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BRCA Testing in Ovarian Cancer

Panelists: Bradley J. Monk, MD, University of Arizona and Creighton University; Robert L. Coleman, MD, MD Anderson Cancer Center; Gottfried E. Konecny, MD, University of California, Los Angeles; Katie Moore, MD, University of Oklahoma; Matthew A. Powell, MD, Washington University in St. Louis
Published Online: Friday, Jul 14, 2017



Transcript:

Bradley J. Monk, MD:
Hello, and thank you for joining us today for this OncLive® Peer Exchange panel discussion, “Advanced Ovarian Cancer: Recent Advances and Unmet Needs.” Despite recent progress in developing novel therapies for advanced malignancies of the ovaries, fallopian tubes, and peritoneum, this heterogeneous group of diseases remains fatal in most cases, and our continued understanding of the underlying biology of these clinically challenging disease states will facilitate development of personalized approaches to systemic therapy. In addition, we’re challenged to delay recurrence and improve clinical outcomes, including patient reported outcomes and quality of life in the clinic, around the world. In this OncLive® Peer Exchange panel discussion, my colleagues and I will discuss the latest research surrounding systemic therapy and surgery for this group of diseases that we call ovarian cancer and the implications for treating our patients.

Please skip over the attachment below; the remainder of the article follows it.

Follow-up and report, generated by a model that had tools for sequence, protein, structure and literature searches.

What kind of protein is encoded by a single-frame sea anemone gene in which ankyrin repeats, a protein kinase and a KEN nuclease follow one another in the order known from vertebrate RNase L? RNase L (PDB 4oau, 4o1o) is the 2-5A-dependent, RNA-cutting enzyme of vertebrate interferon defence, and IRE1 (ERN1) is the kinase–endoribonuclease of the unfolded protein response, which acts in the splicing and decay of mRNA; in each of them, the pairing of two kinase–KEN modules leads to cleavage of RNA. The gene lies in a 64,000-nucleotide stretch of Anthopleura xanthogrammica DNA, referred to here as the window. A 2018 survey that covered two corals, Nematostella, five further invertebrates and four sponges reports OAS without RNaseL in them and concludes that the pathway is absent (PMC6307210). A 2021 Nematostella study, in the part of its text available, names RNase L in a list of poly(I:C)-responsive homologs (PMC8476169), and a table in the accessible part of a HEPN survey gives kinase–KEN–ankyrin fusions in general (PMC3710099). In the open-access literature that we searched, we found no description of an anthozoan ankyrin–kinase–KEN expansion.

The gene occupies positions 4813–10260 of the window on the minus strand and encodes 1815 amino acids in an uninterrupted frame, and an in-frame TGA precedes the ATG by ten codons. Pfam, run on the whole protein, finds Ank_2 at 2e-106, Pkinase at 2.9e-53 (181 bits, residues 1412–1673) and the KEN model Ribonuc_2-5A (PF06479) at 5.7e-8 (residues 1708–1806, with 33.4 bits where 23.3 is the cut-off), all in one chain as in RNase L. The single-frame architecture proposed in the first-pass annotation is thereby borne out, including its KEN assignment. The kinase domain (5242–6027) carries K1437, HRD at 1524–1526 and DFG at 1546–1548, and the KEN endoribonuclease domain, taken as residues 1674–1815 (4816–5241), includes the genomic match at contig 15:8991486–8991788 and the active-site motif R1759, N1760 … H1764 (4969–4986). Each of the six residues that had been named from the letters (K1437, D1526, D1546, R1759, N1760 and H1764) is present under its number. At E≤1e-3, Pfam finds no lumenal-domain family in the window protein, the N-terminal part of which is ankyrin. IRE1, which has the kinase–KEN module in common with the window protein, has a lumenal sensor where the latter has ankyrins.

My name is Brad Monk. I’m a gynecologic oncologist and professor at the University of Arizona and Creighton University, both in Phoenix, Arizona. I’m joined by 4 of my esteemed colleagues. Thank you very much, this is an exciting time. I’ll begin by introducing Dr. Robert Coleman, vice chairman and director of research at MD Anderson Cancer Center. Welcome Rob.

Robert L. Coleman, MD: Thank you Brad.